E-learning & E-health
E health & M health
E-Learning Link Of Al Kindy Medical College
This project is shared among UK universities (Kingston, Cardiff) and Iraqi Universities ( Basra, Baghdad) The principle proposal is to develop a pilot model for 'E-health centers of excellence' that will introduce innovative and strategic e-health for medical education and research in Iraq .
The first part of the project, which will be introduced is the mobile health
Feasibility & acceptability of SMSs in Iraqi pregnant women to support their heal
The health status of Iraq’s population has suffered major blows due to decades of war and economic sanctions. The resulting severe drop in Iraq’s gross domestic product and consequently its public expenditure on health led to deterioration of quality of services.
The health care system in Iraq has been based on a hospital oriented and capital-intensive model that has limited efficiency and does not ensure equitable access. The Ministry of Health (MOH) is the main provider of health care, both curative and preventive. The private sector provides curative services to only a limited population on a fee-for-service basis. Naturally, access to care was further affected by emergencies and ongoing military operations in recent years.
In acknowledgment of these growing concerns, the MOH has over the last few years been re-orienting itself so as to base the health system on Primary Health Care (PHC). The current structure of PHC is not based on cost-effective public health interventions that would achieve maximum health gains for the money spent. Moreover, the services currently provided at the PHC level only partially meet the health needs of the population. This combined with a low perceived quality of care lead the population to seek care at the secondary and tertiary levels bypassing the primary level. Primary Report of Maternal Death study In Iraq for the Years 2007-2008-2009 showed that 64.7% of those mothers who died in those three years had no previous antenatal care during their pregnancies which may be due to poor health education or lack of confidence in the PHC services, this raises a question; how we could improve these services?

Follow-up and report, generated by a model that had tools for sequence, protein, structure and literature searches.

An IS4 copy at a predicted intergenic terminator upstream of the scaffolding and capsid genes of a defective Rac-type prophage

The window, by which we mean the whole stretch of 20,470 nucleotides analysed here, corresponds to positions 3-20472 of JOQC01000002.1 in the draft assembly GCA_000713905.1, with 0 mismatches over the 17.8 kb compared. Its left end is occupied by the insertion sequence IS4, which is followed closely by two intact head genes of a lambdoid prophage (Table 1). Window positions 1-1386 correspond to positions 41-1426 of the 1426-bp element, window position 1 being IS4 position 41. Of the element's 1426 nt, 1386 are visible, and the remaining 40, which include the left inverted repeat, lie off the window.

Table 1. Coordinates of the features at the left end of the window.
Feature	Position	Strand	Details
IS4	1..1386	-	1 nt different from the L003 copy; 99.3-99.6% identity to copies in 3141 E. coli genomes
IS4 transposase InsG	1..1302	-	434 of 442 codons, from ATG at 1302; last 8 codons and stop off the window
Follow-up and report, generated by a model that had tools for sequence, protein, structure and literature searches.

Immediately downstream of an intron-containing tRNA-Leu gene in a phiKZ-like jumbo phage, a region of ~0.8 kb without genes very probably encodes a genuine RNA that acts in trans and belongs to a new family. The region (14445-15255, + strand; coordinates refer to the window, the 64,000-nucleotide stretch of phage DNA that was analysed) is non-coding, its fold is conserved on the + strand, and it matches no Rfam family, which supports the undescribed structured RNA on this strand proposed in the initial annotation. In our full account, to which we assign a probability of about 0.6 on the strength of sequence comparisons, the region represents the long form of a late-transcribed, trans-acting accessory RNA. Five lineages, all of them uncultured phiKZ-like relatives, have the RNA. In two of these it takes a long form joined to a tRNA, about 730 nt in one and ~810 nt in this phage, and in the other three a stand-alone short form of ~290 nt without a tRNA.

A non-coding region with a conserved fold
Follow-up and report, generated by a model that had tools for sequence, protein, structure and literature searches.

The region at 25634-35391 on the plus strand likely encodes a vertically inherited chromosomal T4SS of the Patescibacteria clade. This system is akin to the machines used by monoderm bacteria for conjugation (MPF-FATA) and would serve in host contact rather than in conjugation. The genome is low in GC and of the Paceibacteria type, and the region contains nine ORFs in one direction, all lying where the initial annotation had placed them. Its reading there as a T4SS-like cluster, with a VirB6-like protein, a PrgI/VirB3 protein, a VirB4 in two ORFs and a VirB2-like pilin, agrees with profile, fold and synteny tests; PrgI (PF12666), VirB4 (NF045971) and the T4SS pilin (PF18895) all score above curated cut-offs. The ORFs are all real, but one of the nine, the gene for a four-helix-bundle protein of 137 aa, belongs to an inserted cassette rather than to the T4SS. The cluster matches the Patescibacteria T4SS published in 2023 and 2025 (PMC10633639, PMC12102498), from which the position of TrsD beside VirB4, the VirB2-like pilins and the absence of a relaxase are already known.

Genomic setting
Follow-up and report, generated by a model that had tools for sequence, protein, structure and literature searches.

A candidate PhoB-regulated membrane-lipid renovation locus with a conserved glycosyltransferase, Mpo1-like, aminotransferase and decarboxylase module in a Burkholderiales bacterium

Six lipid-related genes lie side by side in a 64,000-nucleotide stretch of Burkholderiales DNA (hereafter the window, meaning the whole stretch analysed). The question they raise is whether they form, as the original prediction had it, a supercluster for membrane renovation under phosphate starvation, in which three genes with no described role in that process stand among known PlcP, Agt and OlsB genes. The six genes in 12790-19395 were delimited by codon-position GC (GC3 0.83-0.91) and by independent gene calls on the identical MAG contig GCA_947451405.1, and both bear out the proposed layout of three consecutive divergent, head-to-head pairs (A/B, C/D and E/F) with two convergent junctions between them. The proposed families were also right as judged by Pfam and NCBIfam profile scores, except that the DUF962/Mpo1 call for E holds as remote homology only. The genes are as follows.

M-health: Means delivery of healthcare services via evolving mobile communication systems. By the end of 2010, there were an estimated over 5 billion mobile phone subscribers worldwide, where there were only 1 billion subscribers in 2002, so the use of this technology appear to be rapidly growing. In nearly a third of the countries, the number of cell phones in use is greater than the number of people living in those countries. Mobile phone had a considerable impact in developing counties and communication by mobile phone is less expensive than alternative option. Millions of people across Africa and Asia who never had access to traditional phone communication now use mobile phone on regular bases.
All pregnant women worry about their health, safety and their babies safety, so effective antenatal care is necessary to give pregnant women confidence and decrease anxiety during pregnancy and mobile-health is a new window through which health providers can provide services to pregnant women, particularly those who find difficulty attending their appointments either because they live far away or have social or economical difficulties for doing so
Aim of the study:
Thinking that Encouraging such technology would help distributing the best practice in the field of safe pregnancy and delivery in a way to reduce the increasing global concern of maternal mortality and morbidity with the minimization of maternal suffering in getting care and support throughout their pregnancies.
We will try during the following months examining whether this innovative method could be applied on Iraqi pregnant women, how much it will be accepted in our locality and if have a positive impact on health services and whether it could be adopted in the future by the MOH to improve antenatal care services in Iraq.